We've had a tiny bit of drizzle and it's forecast to stay quite breezy today, so as it stands those should be the conditions for racing." - Simon Claisse
The ground's plenty dry enough, he's the highest-rated horse in training, that's helped me make the decision and I won't be changing my mind now," said Cooper.
"It wasn't an easy decision, I wouldn't have waited this long if it was," he added. "If you get it wrong you'd be kicking yourself for six months, but Gordon has him in top shape and now we go out to prove all the doubters wrong who say he doesn't handle Cheltenham."
But if Un De Sceaux is to become another Arkle winner to successfully step up to Betway Queen Mother Champion Chase level, he will need to break some hearts along the way. The last three winners of this race all come back for more and two of them – Sprinter Sacre and Sire de Grugy – have Un De Sceaux as their second biggest danger, with the passing blur of time their greatest impediment.For sure, there will be grown men claiming there’s something in their weeping eye should Nicky Henderson add another sweet melody to his festival catalogue with a victory for Sprinter Sacre.
Who will forget that long look over his shoulder Barry Geraghty took between the last two fences in the 2013 race? Or the way Jamie Moore steered Sire De Grugy between horses in the 2014 Champion Chase like a motorbike around Brands Hatch.But while the magic of Cheltenham stands defiantly still, time is as giddy as a candy-filled toddler and, like the Evil Queen’s Magic Mirror in Snow White, Cheltenham’s ultimate test will find the truth and tell it.
He's an exciting horse. He was very good at the festival last year and again at Ascot last time. He’s very honest
If he returns to his best he’s in with a chance but it’s no secret we’ve been against the clock. I think we’ll definitely see a much improved effort but it looks like a tough shout to say he’ll win.
He can do it again, I’m not saying he will. It’s a great race and it will be interesting up front all the way. I can’t see it being a crawl. It would be a fantastic comeback if he could do it. It would be dream time.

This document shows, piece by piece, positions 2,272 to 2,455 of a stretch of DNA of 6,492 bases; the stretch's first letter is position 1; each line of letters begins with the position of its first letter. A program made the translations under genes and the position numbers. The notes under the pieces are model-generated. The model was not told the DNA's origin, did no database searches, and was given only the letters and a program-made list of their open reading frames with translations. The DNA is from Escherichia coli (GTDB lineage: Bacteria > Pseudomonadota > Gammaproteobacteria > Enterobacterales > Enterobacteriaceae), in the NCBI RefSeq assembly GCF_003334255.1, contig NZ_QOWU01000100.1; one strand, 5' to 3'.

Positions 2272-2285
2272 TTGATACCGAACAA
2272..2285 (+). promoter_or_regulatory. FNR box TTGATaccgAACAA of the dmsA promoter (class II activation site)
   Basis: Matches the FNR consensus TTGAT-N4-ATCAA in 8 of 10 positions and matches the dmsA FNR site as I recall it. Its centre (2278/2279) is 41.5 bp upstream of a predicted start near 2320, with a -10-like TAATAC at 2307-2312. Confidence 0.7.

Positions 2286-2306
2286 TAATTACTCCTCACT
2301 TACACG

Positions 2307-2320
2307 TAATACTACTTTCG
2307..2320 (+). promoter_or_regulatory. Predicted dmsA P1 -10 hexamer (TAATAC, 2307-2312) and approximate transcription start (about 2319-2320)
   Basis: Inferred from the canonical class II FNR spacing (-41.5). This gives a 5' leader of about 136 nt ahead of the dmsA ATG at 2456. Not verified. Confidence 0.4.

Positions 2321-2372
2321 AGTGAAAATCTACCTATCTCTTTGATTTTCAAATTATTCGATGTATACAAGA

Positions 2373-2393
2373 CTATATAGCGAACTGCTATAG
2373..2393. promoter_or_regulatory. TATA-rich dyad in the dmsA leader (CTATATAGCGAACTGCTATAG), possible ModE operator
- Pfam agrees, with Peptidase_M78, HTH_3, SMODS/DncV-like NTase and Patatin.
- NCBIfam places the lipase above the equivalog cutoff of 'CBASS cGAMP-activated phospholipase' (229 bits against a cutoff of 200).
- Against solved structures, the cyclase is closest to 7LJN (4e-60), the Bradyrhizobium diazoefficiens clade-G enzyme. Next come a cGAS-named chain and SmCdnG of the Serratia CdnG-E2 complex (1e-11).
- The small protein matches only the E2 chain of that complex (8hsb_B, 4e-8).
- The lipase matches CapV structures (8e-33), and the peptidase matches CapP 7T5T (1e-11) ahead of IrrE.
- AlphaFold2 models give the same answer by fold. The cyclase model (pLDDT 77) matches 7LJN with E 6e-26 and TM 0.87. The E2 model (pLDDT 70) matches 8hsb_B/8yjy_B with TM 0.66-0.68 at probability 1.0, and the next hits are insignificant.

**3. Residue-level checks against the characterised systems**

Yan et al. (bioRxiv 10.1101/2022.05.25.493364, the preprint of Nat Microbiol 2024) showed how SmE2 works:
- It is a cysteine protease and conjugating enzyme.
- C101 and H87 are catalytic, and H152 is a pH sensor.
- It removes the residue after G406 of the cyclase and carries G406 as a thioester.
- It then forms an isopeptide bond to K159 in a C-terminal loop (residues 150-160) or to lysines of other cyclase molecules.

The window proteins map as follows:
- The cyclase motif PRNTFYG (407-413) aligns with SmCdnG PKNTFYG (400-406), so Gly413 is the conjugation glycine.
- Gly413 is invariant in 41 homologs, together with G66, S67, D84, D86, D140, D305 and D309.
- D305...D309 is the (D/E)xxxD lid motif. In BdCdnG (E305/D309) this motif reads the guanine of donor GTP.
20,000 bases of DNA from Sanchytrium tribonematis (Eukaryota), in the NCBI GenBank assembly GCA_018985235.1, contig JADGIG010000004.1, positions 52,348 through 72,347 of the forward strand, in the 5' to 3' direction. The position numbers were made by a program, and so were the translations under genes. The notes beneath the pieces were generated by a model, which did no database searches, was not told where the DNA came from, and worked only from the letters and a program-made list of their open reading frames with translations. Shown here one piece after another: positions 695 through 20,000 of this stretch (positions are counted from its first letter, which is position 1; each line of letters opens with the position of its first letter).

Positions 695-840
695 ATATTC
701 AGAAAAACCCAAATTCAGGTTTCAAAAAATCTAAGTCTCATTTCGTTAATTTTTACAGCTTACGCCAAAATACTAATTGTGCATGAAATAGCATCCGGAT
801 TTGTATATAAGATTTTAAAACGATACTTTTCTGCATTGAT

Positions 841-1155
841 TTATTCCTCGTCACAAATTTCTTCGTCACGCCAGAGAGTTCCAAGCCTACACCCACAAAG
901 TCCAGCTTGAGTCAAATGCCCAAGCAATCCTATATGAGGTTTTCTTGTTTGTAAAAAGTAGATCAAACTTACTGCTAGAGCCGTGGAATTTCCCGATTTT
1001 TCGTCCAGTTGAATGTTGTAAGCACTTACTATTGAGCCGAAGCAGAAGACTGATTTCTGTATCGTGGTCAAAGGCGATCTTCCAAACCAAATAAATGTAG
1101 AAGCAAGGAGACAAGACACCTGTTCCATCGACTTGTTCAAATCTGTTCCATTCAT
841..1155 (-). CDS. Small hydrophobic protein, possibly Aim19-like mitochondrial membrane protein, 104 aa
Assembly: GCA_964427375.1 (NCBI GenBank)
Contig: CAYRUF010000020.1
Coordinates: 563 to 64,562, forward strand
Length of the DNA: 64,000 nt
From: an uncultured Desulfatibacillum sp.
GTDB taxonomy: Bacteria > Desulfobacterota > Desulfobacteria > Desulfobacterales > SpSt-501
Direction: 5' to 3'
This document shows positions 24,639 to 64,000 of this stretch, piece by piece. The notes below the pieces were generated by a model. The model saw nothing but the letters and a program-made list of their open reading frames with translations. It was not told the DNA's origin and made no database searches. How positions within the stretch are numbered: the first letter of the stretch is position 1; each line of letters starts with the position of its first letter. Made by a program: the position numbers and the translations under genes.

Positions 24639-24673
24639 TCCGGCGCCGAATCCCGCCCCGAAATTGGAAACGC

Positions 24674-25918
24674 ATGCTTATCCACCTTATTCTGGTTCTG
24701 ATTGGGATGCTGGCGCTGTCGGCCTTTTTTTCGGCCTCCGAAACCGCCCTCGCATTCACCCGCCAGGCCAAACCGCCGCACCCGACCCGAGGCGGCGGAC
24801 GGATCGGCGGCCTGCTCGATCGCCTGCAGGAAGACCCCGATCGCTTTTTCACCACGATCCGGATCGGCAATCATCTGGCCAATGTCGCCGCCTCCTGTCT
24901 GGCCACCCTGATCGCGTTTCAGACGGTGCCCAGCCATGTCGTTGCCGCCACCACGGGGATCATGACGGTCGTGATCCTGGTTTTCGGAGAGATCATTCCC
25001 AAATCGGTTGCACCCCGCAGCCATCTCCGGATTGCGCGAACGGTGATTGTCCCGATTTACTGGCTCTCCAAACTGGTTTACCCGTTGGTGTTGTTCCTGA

Think of all the other races as being track events at the Olympics. The best of the best are there and competing. It is prestigious and there is elation and back page commentary both before and after. And then somehow, one of those "Tough Mudder" races has been included in the programme. They all have to shamble round a course where no one quite knows which way they are meant to be going, crossing ever more ridiculous obstacles and generally not enjoying themselves. None of them will ever be Olympic athletes but, somehow, they have managed to get themselves a gig in the Olympic stadium. They think the crowd is looking on in admiration and respect. In fact everyone is going to the loo (preferably not in a pint glass) or getting another drink. Those who are watching don't know what the heck is going on either.
He's a very, very good horse - RW
Yanworth took a tour of the Cotswolds and could not afford to give so much ground away to Yorkhill who maintains his winning run in stunning style despite looking all at sea in the closing stages. Yet another one to throw into the Champion Hurdle mix. Could we have a mini-Mullins Champion Hurdle maybe at Leopardstown next February?
Last year's Neptune was run at a dawdle, it was the slowest winning topspeed since at least 2003 (my records only go back to 2004). Faugheen did a 4.54 on good and only got a topspeed of 138 (the average since 2004 is 135) but Simonsig did a 4.59 on ground also called good and got a 155, so it's very difficult to infer too much. I'd say Faugheen was probably on much quicker ground and Simonsig's time is a better market of true good ground.